It's the children with stronger relationships and more secure attachments to their mothers who are better able to understand and deal with emotions, Thompson said. The opposite is also true, with children of financially strapped, clinically depressed mothers showing less emotional understanding than their peers.
"A secure attachment provides young children with a psychologically secure base for exploring and understanding emotions, especially negative emotions that may be upsetting or troubling," he said. "Those are the ones they need the most help in understanding."
Children who have strong relationships with their mothers and who talk often about emotions are also more positively self-aware and even more moral, Thompson explained.
In another study, 2½-year-old children were asked to complete a task that created some conflict — whether cleaning up toys after only a few minutes of playing or completing a far-too-difficult puzzle without mom's help.
Researchers looked at how the mother talked to her child during the potentially stressful situation and then brought the mother and child back six months later to look at conscience development, as measured by the child's ability to resist temptation.
This time, the children were given some poker chips to play with and told to ignore a shelf of exciting toys. To make it more difficult, halfway through the experiment, a research assistant would come in, play with several of the fun toys and then leave.
The researchers had coded the mother's earlier comments for how often she talked about rules, the consequences of actions and people's emotions, as well as how often she used moral evaluative statements, like 'Good boy!' They also listened for evidence of compromising or bargaining, justification and reasoning and the use of threats, teasing or insistence.
When moms talked about emotions and the human impact, as well as justification and reasoning, the children were able to resist the forbidden toys longer. Not once did a mother's discussion of rules and consequences predict an increase in a child's level of conscience, Thompson said.
Experts agree that the more time parents spend talking to their children about emotions, the more power they'll have to regulate them, but there are still many situations where children will struggle despite the parents' best efforts.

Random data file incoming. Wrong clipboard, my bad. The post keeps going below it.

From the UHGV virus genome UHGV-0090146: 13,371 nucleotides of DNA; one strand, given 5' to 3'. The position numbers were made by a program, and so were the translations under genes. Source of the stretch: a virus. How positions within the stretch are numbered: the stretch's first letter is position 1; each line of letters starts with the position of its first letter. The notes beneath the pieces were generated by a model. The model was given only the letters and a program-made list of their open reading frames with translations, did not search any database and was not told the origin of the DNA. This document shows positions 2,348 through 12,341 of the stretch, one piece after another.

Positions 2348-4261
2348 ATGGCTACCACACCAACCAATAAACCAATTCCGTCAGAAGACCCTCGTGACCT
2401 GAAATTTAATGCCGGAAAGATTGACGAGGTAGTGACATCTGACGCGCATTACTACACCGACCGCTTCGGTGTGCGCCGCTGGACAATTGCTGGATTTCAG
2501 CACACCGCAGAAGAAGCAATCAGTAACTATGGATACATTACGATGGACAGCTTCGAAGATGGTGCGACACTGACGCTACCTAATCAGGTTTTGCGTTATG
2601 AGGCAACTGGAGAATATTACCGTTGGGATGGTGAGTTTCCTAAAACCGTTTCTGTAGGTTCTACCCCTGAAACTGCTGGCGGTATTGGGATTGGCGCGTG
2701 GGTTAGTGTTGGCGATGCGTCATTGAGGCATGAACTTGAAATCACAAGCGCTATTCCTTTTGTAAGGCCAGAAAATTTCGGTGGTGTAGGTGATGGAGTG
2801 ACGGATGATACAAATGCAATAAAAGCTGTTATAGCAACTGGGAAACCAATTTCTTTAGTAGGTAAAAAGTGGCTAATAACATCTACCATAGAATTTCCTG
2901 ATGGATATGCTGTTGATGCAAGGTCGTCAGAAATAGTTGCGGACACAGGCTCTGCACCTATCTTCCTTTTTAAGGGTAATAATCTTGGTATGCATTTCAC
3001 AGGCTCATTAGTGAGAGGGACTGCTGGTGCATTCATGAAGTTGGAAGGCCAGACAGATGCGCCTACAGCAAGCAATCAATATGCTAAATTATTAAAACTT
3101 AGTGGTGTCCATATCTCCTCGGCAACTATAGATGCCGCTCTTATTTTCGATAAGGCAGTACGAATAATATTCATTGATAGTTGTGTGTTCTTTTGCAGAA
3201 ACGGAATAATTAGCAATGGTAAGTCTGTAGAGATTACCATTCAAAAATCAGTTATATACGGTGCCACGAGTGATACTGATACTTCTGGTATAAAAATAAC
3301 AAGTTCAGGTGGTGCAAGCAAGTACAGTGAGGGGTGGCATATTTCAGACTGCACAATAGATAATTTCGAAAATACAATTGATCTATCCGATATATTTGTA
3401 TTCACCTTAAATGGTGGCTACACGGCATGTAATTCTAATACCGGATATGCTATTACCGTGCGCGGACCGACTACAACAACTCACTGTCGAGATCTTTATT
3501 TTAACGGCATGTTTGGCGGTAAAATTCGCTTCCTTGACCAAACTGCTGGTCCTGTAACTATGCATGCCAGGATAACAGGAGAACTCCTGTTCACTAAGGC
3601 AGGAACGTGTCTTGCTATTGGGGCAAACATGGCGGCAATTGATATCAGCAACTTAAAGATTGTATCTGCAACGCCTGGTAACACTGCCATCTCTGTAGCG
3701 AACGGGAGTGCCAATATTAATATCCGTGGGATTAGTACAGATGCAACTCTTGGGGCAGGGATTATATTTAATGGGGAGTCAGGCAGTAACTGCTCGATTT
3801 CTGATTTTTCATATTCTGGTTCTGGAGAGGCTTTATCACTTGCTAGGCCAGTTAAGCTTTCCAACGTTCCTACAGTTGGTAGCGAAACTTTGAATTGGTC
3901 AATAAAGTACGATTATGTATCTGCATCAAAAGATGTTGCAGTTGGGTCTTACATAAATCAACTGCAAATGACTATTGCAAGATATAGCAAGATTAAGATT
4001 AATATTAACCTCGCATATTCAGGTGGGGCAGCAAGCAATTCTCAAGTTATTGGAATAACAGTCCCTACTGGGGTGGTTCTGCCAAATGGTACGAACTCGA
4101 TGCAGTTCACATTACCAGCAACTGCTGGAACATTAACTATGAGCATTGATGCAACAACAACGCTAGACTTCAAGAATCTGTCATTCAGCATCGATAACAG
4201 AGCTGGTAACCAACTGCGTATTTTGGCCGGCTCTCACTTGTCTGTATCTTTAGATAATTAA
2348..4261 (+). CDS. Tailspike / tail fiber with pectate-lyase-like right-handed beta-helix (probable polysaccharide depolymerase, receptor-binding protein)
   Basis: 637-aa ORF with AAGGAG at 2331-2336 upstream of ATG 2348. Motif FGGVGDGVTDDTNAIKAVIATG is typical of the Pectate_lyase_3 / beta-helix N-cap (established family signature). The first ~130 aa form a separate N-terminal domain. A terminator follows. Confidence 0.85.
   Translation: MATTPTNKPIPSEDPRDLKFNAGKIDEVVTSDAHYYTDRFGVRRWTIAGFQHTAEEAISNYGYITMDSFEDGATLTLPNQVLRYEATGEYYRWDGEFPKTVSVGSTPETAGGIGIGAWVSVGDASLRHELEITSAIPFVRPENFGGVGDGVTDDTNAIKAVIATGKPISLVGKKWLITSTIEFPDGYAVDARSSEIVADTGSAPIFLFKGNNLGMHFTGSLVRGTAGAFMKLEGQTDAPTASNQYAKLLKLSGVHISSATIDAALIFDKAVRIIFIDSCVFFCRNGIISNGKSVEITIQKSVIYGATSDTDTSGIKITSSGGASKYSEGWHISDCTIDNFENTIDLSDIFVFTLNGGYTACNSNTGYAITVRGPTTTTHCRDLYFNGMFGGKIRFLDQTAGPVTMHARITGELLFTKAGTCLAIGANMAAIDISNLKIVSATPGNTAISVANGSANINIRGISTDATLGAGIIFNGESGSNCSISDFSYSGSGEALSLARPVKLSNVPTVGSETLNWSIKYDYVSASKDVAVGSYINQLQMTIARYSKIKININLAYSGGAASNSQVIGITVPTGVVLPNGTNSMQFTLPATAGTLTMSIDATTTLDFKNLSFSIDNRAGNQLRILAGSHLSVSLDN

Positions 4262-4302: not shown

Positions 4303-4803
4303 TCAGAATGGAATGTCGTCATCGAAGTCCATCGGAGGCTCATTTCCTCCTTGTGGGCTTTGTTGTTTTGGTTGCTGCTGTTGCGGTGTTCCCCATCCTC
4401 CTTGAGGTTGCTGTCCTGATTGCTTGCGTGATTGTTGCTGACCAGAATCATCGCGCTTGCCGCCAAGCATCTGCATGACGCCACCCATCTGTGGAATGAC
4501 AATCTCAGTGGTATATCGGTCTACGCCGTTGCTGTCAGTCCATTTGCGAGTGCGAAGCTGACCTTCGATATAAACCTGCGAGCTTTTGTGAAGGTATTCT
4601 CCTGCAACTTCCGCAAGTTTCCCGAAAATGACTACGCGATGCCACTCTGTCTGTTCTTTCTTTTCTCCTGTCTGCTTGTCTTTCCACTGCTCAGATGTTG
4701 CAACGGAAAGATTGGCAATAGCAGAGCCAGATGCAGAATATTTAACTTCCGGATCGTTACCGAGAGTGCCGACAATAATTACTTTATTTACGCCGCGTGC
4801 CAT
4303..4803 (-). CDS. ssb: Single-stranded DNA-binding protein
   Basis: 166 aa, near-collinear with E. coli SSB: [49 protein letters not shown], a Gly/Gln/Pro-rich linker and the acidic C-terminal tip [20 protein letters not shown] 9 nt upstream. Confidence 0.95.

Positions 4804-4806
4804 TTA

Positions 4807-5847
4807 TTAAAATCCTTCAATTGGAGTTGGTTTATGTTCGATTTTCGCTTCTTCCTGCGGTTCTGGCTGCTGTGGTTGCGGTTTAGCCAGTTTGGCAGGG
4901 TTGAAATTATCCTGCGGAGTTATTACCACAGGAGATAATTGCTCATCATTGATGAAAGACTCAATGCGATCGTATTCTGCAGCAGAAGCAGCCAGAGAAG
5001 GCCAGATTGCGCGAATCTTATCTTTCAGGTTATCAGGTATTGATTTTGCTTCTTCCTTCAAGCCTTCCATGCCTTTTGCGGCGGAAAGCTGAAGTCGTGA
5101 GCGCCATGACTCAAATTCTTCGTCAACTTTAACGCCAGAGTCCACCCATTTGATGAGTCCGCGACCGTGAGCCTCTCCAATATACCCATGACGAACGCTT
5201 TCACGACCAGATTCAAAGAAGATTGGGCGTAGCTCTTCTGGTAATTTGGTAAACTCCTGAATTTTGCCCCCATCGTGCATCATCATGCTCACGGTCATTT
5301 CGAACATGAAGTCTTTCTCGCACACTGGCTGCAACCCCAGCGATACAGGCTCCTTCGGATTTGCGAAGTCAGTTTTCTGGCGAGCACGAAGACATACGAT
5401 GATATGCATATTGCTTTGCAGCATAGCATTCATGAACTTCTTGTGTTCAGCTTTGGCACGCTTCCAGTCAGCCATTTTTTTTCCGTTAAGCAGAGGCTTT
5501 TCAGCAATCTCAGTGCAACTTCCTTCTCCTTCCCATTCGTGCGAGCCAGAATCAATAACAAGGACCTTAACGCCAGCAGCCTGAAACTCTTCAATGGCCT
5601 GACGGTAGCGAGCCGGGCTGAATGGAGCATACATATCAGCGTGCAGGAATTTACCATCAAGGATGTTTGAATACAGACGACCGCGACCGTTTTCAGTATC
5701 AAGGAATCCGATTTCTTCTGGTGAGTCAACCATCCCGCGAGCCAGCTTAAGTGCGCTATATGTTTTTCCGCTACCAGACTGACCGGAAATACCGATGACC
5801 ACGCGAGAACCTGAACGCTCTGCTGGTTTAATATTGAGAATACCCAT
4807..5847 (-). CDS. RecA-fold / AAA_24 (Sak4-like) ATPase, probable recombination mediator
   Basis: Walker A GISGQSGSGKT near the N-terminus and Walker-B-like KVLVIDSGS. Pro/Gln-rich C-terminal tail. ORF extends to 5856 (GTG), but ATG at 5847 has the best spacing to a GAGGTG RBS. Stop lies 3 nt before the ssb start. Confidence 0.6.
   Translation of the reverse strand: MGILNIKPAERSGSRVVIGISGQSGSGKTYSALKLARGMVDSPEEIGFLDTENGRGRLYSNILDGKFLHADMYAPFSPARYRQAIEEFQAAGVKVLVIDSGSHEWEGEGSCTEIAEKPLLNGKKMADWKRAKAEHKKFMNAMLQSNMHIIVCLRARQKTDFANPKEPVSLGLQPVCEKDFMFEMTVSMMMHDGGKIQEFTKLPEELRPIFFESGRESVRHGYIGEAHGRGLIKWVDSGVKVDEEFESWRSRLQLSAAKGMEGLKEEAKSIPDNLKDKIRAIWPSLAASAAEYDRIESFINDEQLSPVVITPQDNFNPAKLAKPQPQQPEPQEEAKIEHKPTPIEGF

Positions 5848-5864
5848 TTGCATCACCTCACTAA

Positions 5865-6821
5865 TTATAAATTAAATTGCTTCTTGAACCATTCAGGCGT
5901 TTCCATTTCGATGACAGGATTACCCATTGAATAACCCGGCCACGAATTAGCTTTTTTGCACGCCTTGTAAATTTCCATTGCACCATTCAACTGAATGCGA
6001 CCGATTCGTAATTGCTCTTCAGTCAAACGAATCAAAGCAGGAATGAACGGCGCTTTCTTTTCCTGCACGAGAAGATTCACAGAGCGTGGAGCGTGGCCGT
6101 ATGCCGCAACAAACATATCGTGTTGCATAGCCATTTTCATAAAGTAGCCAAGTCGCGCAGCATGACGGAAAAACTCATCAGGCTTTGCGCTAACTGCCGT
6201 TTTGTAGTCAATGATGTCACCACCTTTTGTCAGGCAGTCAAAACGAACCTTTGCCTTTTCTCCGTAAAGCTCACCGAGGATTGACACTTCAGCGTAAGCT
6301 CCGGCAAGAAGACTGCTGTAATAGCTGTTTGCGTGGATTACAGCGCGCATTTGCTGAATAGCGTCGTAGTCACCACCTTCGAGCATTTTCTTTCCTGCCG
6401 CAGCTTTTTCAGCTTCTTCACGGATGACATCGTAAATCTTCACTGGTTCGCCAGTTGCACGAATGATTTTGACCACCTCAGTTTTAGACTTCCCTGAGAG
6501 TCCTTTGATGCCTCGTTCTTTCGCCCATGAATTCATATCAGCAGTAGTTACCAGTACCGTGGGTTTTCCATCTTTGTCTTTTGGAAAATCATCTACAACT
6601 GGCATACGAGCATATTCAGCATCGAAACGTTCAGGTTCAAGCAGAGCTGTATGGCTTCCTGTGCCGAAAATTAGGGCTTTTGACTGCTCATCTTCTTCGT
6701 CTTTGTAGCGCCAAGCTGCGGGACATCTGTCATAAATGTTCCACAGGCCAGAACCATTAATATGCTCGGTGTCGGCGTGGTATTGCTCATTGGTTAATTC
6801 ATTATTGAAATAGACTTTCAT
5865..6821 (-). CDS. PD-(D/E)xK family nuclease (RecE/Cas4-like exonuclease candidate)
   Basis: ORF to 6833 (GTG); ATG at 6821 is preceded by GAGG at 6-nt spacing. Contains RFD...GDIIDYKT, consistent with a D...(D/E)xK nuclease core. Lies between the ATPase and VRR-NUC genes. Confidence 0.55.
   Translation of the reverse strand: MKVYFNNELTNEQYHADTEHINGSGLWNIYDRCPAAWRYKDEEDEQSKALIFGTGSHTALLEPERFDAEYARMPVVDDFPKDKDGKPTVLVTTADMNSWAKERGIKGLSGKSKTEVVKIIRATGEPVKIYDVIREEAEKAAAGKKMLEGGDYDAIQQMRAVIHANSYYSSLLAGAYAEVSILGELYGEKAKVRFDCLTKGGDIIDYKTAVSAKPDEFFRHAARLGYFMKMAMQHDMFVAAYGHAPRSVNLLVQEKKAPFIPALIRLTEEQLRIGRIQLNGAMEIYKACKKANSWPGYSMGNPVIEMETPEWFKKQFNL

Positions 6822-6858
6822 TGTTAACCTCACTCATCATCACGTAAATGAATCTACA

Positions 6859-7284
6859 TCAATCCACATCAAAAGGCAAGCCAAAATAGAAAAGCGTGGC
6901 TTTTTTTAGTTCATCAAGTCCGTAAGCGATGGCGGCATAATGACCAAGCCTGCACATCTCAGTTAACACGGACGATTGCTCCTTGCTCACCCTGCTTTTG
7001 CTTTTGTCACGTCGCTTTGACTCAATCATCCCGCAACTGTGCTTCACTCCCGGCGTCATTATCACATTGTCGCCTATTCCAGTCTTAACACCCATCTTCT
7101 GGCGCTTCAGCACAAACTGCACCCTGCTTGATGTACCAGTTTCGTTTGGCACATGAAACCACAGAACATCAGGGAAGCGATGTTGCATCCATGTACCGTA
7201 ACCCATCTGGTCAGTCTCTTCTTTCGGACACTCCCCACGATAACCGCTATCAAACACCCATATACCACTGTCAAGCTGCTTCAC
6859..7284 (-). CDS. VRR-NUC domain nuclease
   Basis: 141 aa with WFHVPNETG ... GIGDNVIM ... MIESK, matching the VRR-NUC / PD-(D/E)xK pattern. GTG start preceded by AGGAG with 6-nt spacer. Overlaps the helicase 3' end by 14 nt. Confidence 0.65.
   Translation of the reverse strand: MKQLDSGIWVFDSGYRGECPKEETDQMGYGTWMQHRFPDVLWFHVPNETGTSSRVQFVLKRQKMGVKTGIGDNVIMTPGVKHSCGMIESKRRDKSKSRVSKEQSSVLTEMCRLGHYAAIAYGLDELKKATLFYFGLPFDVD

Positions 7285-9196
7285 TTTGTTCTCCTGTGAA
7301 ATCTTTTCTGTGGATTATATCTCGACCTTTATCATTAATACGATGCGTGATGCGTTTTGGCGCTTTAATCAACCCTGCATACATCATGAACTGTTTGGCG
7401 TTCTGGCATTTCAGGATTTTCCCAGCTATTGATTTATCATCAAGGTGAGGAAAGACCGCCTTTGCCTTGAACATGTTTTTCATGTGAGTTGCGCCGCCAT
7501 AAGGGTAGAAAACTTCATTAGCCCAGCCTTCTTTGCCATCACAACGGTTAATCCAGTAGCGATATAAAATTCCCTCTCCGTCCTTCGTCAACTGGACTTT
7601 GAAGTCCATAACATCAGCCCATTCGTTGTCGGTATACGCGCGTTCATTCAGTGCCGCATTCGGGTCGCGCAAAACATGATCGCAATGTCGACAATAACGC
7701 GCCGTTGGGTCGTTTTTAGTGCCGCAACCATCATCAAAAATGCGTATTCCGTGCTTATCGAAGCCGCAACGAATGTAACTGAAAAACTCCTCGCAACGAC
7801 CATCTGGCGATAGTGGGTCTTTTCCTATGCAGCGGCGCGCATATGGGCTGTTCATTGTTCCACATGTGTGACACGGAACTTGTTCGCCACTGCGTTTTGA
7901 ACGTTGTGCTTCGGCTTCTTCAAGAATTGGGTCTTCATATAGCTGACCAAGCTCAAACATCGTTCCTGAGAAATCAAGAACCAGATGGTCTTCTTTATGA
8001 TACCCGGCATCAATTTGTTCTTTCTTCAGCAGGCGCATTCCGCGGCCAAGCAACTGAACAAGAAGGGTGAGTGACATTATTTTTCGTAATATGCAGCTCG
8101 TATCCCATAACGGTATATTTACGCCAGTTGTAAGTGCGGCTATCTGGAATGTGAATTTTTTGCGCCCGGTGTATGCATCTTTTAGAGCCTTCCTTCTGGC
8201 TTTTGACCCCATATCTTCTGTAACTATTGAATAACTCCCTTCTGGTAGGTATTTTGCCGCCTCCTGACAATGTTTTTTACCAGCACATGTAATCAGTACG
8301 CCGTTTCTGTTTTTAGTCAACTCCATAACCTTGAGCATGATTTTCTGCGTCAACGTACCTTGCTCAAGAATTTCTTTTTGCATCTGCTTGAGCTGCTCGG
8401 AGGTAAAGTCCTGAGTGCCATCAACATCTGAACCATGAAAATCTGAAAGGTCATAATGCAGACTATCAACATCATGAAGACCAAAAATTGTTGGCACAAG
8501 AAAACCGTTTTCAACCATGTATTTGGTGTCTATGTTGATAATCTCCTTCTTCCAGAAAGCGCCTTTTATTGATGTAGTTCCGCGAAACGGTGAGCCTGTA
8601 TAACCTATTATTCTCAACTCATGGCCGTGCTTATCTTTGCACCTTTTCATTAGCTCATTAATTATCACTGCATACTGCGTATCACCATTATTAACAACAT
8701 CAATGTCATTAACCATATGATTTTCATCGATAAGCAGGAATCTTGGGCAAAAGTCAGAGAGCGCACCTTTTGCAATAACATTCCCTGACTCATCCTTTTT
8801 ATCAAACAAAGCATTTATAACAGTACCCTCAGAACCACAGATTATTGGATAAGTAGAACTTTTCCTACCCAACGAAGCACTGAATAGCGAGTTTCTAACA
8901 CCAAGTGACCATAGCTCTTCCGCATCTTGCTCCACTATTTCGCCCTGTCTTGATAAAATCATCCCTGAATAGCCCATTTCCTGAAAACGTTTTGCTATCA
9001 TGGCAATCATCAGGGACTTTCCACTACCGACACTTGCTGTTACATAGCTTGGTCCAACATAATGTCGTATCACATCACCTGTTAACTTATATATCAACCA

"When you have these difficult children who have a hard time emotionally and it shows up in their behaviors at school and home, you need all kinds of help," said Lori Cerar, executive director of Allies with Families, the Utah Chapter of the Federation of Families for Children's Mental Health. She encouraged parents to seek out local and national resources, to turn to family, friends and faith for assistance and to talk with other parents whose children may be struggling with similar issues. Just because parents have questions, doesn't mean they're doing something wrong, she said.
"Parents need to be armed with all the information and help that's out there for them," she said. "(They need) to not isolate themselves, and not allow the 'You're a bad parent' rhetoric to get to them."
- Better than a raise: The smallest thing you...
- Utah husband wins 'Most Memorable Moment'...
- Many Mormon missionaries who return home...
- Supervolcano hidden in plain sight in Utah...
- Pay increase for Gov. Herbert, other elected...
- Nurse threatened to kill patient after...
- The Grand America and the Flower Patch: Once...
- Do Utah high school students need four years...
- Many Mormon missionaries who return... 131
- Pay increase for Gov. Herbert, other... 56
- Legal analysis supports Utah's law on... 36
- As winter takes hold, needs increase... 29
- Do Utah high school students need four... 24
- Martin MacNeill cuts self with razor in... 16
- Rare snowstorm traps I-15 motorists... 14
- Supervolcano hidden in plain sight in... 13